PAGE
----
“If we had met him…,” Rodríguez remarked menacingly, and left the rest unsaid.

Another rumor held that Marks started a new life in Miami and filled a safety deposit box with a pile of money. But the truth is likely neither scandalous nor romantic. Penlo Hobbs, Marks’s niece, told me that the family thought he’d fled to Mexico. Marks may well have wound up in a pauper’s grave south of the border.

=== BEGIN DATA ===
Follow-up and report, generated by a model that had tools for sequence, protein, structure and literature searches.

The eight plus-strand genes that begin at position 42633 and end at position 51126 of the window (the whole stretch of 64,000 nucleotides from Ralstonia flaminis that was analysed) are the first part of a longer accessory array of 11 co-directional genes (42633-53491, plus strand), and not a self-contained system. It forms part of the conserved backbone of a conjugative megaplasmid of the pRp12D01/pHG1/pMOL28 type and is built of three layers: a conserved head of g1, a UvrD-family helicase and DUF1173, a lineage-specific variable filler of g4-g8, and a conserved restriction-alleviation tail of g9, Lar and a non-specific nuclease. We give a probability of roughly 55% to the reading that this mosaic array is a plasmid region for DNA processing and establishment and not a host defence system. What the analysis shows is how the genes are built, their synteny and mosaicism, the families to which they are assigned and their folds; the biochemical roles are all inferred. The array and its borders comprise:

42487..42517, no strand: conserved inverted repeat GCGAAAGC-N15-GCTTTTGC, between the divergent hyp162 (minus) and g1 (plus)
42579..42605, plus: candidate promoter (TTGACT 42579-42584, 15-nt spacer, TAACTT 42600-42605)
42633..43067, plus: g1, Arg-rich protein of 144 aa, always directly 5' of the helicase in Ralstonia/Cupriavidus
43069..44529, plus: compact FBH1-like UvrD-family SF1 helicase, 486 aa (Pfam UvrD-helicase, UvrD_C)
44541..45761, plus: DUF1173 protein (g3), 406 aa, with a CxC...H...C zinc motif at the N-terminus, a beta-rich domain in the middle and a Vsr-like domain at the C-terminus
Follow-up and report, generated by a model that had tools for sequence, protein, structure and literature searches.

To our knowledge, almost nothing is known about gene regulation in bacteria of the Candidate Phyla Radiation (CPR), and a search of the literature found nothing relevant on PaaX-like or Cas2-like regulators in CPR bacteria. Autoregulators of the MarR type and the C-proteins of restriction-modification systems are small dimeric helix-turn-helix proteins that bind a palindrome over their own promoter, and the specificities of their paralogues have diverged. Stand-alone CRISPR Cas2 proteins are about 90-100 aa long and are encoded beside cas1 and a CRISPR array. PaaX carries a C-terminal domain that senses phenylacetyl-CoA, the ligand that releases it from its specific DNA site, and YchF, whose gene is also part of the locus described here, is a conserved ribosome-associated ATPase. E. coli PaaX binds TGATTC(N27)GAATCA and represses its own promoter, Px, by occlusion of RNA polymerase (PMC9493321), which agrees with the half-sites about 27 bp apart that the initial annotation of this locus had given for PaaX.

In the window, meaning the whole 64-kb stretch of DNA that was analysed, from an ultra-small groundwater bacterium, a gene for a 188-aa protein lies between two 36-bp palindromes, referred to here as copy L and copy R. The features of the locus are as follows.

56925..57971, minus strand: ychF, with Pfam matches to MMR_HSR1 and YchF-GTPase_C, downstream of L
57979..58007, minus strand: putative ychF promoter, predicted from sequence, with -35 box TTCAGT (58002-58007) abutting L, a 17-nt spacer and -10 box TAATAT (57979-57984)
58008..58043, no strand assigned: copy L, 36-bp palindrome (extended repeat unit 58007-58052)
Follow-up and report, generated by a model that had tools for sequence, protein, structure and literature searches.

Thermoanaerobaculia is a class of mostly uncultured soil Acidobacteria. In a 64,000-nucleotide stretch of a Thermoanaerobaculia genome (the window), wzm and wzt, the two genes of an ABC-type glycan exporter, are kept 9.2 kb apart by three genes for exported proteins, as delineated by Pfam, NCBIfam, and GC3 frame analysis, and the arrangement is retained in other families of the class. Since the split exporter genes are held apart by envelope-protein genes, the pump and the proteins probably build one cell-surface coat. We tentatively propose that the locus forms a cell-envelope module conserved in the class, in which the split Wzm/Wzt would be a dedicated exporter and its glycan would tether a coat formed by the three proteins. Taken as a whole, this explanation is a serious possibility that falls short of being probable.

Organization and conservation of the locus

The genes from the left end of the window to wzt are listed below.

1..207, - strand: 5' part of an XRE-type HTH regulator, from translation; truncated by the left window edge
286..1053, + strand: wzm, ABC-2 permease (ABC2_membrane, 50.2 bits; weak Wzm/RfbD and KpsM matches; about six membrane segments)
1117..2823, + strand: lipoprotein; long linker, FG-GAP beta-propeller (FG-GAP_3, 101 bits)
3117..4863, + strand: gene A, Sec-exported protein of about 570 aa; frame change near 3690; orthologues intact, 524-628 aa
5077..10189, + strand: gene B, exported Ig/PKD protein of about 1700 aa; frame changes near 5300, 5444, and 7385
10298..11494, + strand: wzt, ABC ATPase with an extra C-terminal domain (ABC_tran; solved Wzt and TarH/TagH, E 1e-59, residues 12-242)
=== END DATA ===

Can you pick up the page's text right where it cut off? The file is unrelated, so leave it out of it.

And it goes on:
As Murray Kempton of the New York Post once remarked in his coverage of El Carnicero, “There must be a moment in the course of every revolution when its maximum leader demands that, for certain responsibilities, there be found for him an American gangster.” Dark humor aside, Kempton urged Americans to accept that “such a man is our very own,” as the country “gave him birth and formed his character.” RFK considered figures like Marks “un-American,” but Kempton argued the opposite—that Marks was in fact utterly American. That, perhaps, is the most certain part of the Butcher’s strange tale.